November 5, 1987
Following the Oct. 7 death of an inmate in the city jail, the Board of Directors has agreed to add three jailers to the current staff of nine and install video cameras to watch parts of the jail. The video system and new personnel will cost the city about $144,000 a year, said Police Chief James Robenson. The problem of jail cell monitoring was raised last month after 38-year-old Reginald Benoit, who had been arrested for drunkenness, was found hanged in his cell.
December 12, 1985
Huntington Memorial Hospital will construct two buildings and purchase capital equipment with a $50-million tax-exempt bond from the state-funded California Health Facilities Authority. The hospital will repay the money to the authority over a 30-year period. Under the plan, which was announced Monday by Dr. Allen Mathies Jr.
May 26, 1991
A 66-year-old movie theater on Washington Boulevard, closed for the past six months, could become the city's next community cultural center. The idea will be studied by consultant Gina Zamporelli, who received a $5,000 grant from Kaiser Permanente to examine the feasibility of a nonprofit organization or a city cultural group revamping the theater. The money was part of Kaiser Permanente's community contribution program.
March 26, 1987
Real Property Services Corp. has filed a $10-million lawsuit against the city, claiming that the city's decision to cancel plans to build a movie theater in Old Town is a breach of contract.
September 26, 1985 |
Will this be the week that Diamond Bar's 16-game winning streak comes to an end? The Brahmas, who have struggled to two straight non-league victories, figure to receive a tough test when they host Pasadena at 1 p.m. Saturday. Pasadena (1-1), a perennial CIF Coastal Conference power, is coming off a 24-6 loss to St. Francis, a perennial Big 5 Conference playoff team.
June 5, 2012 |
First published on Nov. 27, 2011. Revised and expanded in early 2012. It's 1922, and nothing much is up in Pasadena. Not among the orange groves, not along the leafy streets. Just as the little old ladies like it. But wait. Down in the Arroyo Seco, a crew has just started erecting some kind of stadium. On Pepper Street, Mallie Robinson's 3-year-old son may already be showing signs of amazing athleticism. Over at Polytechnic School, a tall 10-year-old named Julia McWilliams is developing the taste and aplomb that will make her America's best-known chef.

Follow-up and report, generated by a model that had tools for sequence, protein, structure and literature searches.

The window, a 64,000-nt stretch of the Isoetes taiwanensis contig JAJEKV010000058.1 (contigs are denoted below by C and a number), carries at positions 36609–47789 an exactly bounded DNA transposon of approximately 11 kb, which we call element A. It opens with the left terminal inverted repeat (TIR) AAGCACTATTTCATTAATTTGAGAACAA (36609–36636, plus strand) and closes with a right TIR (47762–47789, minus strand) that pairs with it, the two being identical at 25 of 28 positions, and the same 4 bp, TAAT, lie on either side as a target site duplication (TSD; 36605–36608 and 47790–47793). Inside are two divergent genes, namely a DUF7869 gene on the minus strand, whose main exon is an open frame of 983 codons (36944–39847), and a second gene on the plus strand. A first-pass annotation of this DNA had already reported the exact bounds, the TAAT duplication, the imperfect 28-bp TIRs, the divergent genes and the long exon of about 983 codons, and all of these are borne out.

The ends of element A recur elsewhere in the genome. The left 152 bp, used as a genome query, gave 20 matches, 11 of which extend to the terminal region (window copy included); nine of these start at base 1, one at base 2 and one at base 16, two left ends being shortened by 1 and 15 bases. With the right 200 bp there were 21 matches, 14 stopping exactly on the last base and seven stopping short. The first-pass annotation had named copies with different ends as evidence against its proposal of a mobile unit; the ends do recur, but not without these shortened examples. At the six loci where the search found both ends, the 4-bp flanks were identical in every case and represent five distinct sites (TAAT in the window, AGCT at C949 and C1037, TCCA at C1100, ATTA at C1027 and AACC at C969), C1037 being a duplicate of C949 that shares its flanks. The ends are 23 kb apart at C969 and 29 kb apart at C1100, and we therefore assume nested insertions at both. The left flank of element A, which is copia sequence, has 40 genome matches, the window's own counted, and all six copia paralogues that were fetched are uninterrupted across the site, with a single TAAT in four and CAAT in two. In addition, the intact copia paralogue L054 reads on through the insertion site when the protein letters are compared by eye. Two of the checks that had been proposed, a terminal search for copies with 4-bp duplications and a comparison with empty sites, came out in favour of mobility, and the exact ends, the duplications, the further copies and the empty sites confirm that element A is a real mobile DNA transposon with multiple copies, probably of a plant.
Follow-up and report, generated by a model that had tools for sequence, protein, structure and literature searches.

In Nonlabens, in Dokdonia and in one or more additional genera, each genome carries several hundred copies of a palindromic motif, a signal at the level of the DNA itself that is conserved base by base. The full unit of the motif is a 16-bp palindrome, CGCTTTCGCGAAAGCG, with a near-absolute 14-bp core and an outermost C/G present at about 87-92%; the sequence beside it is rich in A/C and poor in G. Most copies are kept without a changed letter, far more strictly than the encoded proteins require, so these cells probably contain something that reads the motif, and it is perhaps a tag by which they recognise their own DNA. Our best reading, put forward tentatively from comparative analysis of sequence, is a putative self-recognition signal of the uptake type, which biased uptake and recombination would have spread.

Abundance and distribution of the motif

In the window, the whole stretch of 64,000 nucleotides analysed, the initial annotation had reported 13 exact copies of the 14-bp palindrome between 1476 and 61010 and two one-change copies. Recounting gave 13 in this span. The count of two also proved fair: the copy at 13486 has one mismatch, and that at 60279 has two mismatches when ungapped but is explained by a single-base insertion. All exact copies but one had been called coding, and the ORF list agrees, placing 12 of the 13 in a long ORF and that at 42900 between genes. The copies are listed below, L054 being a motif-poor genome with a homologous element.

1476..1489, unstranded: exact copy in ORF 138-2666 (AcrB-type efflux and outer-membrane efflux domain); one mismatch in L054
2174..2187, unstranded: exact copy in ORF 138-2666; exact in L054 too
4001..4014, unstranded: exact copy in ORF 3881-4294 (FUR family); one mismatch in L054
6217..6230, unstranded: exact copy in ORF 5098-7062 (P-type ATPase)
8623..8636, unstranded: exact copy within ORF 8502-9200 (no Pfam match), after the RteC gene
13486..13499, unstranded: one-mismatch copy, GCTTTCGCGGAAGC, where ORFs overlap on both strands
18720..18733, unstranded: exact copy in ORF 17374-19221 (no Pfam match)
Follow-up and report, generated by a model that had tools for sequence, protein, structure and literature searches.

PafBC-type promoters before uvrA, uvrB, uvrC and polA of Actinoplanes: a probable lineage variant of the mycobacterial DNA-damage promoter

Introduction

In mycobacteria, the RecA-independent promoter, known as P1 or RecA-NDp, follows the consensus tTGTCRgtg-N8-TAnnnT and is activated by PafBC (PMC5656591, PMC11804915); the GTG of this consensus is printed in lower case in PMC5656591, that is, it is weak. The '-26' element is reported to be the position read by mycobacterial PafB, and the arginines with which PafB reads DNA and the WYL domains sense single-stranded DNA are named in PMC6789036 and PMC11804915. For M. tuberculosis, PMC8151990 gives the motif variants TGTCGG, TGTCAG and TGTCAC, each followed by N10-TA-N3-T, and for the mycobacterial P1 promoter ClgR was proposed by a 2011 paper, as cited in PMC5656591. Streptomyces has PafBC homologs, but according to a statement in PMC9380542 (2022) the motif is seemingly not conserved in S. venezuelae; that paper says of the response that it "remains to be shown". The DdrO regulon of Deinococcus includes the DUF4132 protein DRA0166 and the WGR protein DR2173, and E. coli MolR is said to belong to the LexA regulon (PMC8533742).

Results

February 5, 1987
City Manager Don McIntyre has agreed to personally repay the city the $2,334 car allowance that was given to Deputy City Manager Ed Aghjayan without the approval of the Board of Directors. McIntyre said that when he hired Aghjayan in August, 1985, he promised him a $350-a-month car allowance, $150 more than other city executives received.
July 24, 1986
Three Caltech professors have received honors from national societies for scholarly work. John D. Roberts, a professor of chemistry at Caltech since 1952, has been awarded the 1987 Priestly Medal, the nation's highest honor in chemistry, from the American Chemical Society. Roberts is internationally recognized for pioneering in chemical reactivity and studying the structure of molecules. The presentation will take place in April at the society's annual meeting in Denver.
March 4, 2013 |
Don't be confused by the title “Autobiography of Us”: This story set in mid-century Pasadena is actually a novel. It's the debut from Aria Beth Sloss, who gave birth to a baby the same month as her book was published. (Our interview took place via email on her due date.) Inspired by Sloss' own mother's Southern California upbringing, “ Autobiography of Us ” introduces the reader to two 14-year-old girls living in the patrician neighborhood of Pasadena during the late '50s.
CALIFORNIA | LOCAL
January 17, 2012 |
One of the grand buildings erected during Pasadena's ambitious City Beautiful Movement in the 1920s may become a victim of the state's decision to dismantle redevelopment agencies statewide. The three-story building with the red-tile roof and arched doorways served as a YWCA for decades, during an architectural era when grand public structures were embraced as essential ingredients to a community's success. But after a wealthy Hong Kong businesswoman bought the property 14 years ago, the refuge that once offered patrons a swimming pool, gymnasium and library is now boarded up and empty, its paint peeling.